The English Rose
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The rose is many things for the English: symbol, passion, descriptor of an ideal beauty, the sine qua non of gardens from cottages (the cottage itself must have roses around its porch) to stately homes. Such is our fixation with the flower that we even managed to name a long running civil war on it, the legend being that the houses of York and Lancaster identified themselves and their adherents by the white and red roses respectively. Today any sporting clash between teams from the two counties is inevitably described as a rosesí fixture.
But it is with beauty rather than war that we most associate the rose, specifically using the phrase English Rose to describe a certain sort of beauty: fine features, pale skin, a brunette with naturally wavy hair, her eyes dark and wide, mouth forever smiling or laughing. Each generation has its prime examples: Elizabeth Taylor , Princess Margaret , Emma Thompson , and Alice Eve just four who would qualify for the epithet.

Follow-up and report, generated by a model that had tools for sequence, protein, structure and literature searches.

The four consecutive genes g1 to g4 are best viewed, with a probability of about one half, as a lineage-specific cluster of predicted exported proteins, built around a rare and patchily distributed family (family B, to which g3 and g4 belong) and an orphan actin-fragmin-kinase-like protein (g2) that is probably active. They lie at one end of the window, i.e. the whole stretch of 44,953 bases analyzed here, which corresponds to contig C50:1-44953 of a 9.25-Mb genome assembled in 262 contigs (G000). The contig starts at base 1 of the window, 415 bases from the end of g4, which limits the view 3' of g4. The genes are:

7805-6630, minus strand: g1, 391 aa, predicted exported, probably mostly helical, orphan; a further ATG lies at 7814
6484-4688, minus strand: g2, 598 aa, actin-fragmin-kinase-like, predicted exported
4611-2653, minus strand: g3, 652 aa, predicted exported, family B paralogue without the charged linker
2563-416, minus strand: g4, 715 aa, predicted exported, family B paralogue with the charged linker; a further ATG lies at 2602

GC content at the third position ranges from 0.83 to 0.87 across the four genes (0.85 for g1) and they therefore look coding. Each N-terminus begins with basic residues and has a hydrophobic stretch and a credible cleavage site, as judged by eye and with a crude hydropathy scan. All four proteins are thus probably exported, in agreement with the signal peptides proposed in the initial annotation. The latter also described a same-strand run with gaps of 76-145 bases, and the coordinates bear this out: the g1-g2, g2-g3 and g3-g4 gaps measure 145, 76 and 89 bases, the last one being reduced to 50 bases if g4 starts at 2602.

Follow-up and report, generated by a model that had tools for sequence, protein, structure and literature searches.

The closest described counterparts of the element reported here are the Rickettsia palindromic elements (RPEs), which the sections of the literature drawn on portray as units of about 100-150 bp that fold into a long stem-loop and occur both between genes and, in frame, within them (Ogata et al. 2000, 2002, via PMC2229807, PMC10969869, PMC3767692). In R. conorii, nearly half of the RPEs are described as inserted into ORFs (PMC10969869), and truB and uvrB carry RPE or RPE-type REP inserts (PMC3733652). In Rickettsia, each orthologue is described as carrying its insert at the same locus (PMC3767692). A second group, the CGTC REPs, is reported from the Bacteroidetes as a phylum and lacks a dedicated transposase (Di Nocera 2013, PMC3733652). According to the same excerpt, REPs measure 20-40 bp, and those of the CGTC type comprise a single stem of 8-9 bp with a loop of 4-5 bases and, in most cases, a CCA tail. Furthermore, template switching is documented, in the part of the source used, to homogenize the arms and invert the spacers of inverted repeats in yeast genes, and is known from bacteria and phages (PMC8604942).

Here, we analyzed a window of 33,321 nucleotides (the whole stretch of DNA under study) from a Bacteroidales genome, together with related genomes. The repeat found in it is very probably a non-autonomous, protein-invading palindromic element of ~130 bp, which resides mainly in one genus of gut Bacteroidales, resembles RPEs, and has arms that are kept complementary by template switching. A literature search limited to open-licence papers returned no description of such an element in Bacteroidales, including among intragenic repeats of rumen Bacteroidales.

The rose has also won a firm place in our national customs. In Lancashire and Cheshire fetes and festivals still often require the crowning of a rose queen; in London there is a delightful annual ceremony on Midsummerís Eve involving the payment of one red rose to the Lord Mayor for a footbridge that no longer exists; and every August 1 various regiments of the British Army including the Suffolk, the Kingís Own Yorkshire Light Infantry, and the Royal Hampshire wear roses to celebrate their part in the 1759 Battle of Minden where they decorated their hats with roses as they marched at the enemy.
Equally institutional is our tradition of naming roses for famous people: some linked to fleeting celebrities are soon forgotten, but those for great figures like William Morris , Shakespeare and Chaucer will perhaps endure, as surely will our national obsession with the flower itself.

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